Law enforcement and the military have a term for an inappropriate or mistaken response that was mislearned during training, a behavioral script that gets laid down during the officer's training that would clearly not be helpful in a real situation, or perhaps even yield a deadly result. The term is "training scar."

David Grossman, in his book, On Combat, describes an officer-in-training who learned how to grab a gun out of a would-be criminal's hand. During practice, the officer would grab a gun from a colleague, then give it back to him in order to rehearse it again. During a real confrontation with an assailant, the officer surprisingly grabbed the gun from the man's hand, then gave it right back to him. Fortunately, the officer's partner dispatched his own weapon and shot the attacker. The officer who had learned an inappropriate response during training -- giving the gun back -- nearly cost someone's life. That's a training scar.

The Church today is functioning with numerous training scars, or behavioral scripts that are not serving us well. These scripted beliefs are wreaking havoc on The Body. These rehearsed patterns of thought are perhaps even neurologically wired into our brains in ways that lock the spirit and body (Spirit and Body) into dis-ease. The training scar I'm particularly concerned about is our continuing belief that the human heart remains dark, inwardly bent and sinful even after Christ has given the Christian a new heart, goodness and identity at their conversion.

We have remained in the Old Covenant approach to relating, refusing to pass over into the New. Listen to most sermons on any given weekend, and you'll discover the following ingrained script: "Your heart is still selfish and prone to wander. Kill you heart and call that 'holiness.' It's our job to help you behave more like a Christian so that you can do more, be more committed, and stop being so spiritually inept. You don't really want to follow God, so we'll pressure you into becoming like him."

The script of "New creation in Christ, but bad heart, still" is the pervasive training scar of the day. It is not the Gospel. And the result to the unwitting Christian is this wound: "You're not pleasing to me. Try harder." ---------------------------------

For more on behavior scripts, see Laurence Gonzales' books, Deep Survival and Everyday Survival. "Training scar" gun story, from Everyday Survival.


'MISLEADING OURSELVES' - listen now- with guest Andrew Farley

Andrew Farley, author of The Naked Gospel, joined me again to talk about the misleading catch-phrases Christians use that end up leading them away from their new and good hearts. 

We also address that sticky passage in the Lord's Prayer that says, "If you don't forgive others...neither will your Father forgive you."  But wait a minute, aren't we already and fully forgiven?  How do we reconcile other passages on our completed forgiveness with this passage that follows the Lord's Prayer?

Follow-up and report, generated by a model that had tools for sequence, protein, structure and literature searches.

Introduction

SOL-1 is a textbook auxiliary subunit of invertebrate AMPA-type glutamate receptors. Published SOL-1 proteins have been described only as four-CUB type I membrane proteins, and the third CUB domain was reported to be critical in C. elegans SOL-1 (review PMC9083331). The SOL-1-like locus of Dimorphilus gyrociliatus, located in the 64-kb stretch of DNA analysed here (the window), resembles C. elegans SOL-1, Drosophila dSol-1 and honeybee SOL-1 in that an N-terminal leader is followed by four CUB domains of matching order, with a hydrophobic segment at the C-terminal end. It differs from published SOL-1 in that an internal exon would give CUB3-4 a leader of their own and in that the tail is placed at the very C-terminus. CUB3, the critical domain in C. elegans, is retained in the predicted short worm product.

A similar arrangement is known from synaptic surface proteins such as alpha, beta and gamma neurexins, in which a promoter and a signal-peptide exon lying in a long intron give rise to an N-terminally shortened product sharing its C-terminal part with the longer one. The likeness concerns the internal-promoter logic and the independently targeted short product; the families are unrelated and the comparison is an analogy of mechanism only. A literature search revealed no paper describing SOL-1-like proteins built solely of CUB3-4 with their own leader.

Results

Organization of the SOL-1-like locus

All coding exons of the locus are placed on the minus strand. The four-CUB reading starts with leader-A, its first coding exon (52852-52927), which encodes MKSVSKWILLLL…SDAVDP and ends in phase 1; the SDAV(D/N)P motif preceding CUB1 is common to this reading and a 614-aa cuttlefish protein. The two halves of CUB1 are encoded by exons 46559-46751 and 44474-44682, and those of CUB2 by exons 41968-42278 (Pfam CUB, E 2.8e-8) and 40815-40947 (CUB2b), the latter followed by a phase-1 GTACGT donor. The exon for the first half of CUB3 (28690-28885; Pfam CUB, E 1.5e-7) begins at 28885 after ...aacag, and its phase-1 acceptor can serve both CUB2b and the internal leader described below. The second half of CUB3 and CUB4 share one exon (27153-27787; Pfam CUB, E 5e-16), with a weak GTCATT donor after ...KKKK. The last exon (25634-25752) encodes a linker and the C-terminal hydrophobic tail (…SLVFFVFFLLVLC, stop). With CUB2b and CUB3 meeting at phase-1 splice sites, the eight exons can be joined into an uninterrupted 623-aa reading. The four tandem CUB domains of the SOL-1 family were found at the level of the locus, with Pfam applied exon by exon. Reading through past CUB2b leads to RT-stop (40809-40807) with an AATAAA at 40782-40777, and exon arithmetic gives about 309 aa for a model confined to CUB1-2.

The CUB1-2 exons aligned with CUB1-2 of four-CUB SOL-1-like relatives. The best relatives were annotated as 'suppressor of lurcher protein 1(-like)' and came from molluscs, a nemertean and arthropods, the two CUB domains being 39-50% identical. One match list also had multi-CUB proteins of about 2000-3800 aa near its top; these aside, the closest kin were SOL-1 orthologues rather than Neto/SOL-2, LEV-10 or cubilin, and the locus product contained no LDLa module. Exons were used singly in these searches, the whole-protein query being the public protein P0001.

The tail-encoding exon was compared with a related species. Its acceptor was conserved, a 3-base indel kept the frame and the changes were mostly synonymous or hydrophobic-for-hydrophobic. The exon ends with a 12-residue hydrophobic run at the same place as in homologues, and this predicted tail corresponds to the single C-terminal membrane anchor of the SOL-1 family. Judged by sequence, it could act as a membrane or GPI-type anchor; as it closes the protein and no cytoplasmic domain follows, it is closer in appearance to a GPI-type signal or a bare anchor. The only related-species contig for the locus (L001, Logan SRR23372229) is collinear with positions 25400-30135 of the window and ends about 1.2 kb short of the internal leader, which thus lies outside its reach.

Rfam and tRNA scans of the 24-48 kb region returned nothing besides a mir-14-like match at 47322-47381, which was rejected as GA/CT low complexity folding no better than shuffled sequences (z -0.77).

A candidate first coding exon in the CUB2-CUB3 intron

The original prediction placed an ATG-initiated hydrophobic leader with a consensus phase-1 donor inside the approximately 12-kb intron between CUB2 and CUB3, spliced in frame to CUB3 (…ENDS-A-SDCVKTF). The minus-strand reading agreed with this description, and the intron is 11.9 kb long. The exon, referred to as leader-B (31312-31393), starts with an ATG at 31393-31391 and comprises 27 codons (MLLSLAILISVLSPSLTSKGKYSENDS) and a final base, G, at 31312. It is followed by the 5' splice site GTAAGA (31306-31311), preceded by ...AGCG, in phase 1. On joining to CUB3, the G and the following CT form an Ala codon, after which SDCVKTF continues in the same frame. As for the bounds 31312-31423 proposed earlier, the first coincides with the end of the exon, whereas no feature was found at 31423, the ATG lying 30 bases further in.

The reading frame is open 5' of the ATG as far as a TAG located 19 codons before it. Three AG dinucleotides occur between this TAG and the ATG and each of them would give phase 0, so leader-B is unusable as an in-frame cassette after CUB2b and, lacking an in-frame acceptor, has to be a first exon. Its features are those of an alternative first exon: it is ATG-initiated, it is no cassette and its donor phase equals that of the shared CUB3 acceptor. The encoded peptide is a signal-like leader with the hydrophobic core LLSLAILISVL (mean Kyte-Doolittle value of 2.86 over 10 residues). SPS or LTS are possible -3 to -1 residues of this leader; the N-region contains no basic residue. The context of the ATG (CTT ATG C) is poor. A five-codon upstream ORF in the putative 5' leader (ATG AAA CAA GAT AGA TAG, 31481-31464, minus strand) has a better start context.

UPCOMING PODCASTS -- airing this week

Monday, Nov. 23, Jim will by the podcast guest on Joel Brueseke's "Growing in Grace Together" series. 

Wednesday, Nov. 25, Andrew Farley, author of The Naked Gospel, will join Jim for a second podcast.  They'll be discussing the misleading language and catch-phrases Christians often use that end up preventing them from embracing their true goodness and restored identity. 

Here's the episode link on Blogtalk Radio. 


Death by assumptions

One of my greatest concerns is that we must challenge our assumptions about the Gospel -- or what we think we know about it.  It actually might be better than we think it is. 

I don't mean that we should challenge the core doctrines of Christianity, or question the supremacy of Christ.  In my mind, that's been settled.

I do mean that the version of the Gospel we've been given may not, in fact, be the Gospel; or at best, a gross distortion of it.  For example:

Much of the Church has the impression that the Gospel is either about getting your sins forgiven by accepting God's gracious pardon and receiving the promise of heaven;  or, that the Gospel is all about evangelism, outreach, and new programs for reaching the lost.  There's truth in each of these, but not enough truth.

The Gospel is the offer of a good and noble heart.  Jesus comes to restore the person -- not simply let them off the hook.  His work is deeper, more glorious, and far more supernatural than the anemic "gospel" we've settled for. 

When you said 'yes' to him, your nature, your identity, underwent a remarkable transformation.  You no longer possess a sin nature.  You're still free to sin, but it's no longer who you are or what you want.  (I know, it doesn't often seem that way, but if you judge your heart by the failures of your former self - even the ongoing ones - you will end up in despair.)

People who don't question their assumptions about the offer of Jesus scare me, frankly.  Damage has been done by those who refuse to let new information form their opinions, who muzzle any perspective that does not align with their preconceived assumptions -- even if that new perspective is firmly rooted in Scripture!

If we don't get the Gospel (the offer of Jesus) right, then Lazarus is still in his grave clothes.

Podcast:  "A better way to relate to God" challenges these false assumptions about the offer of Jesus.    Click here to listen.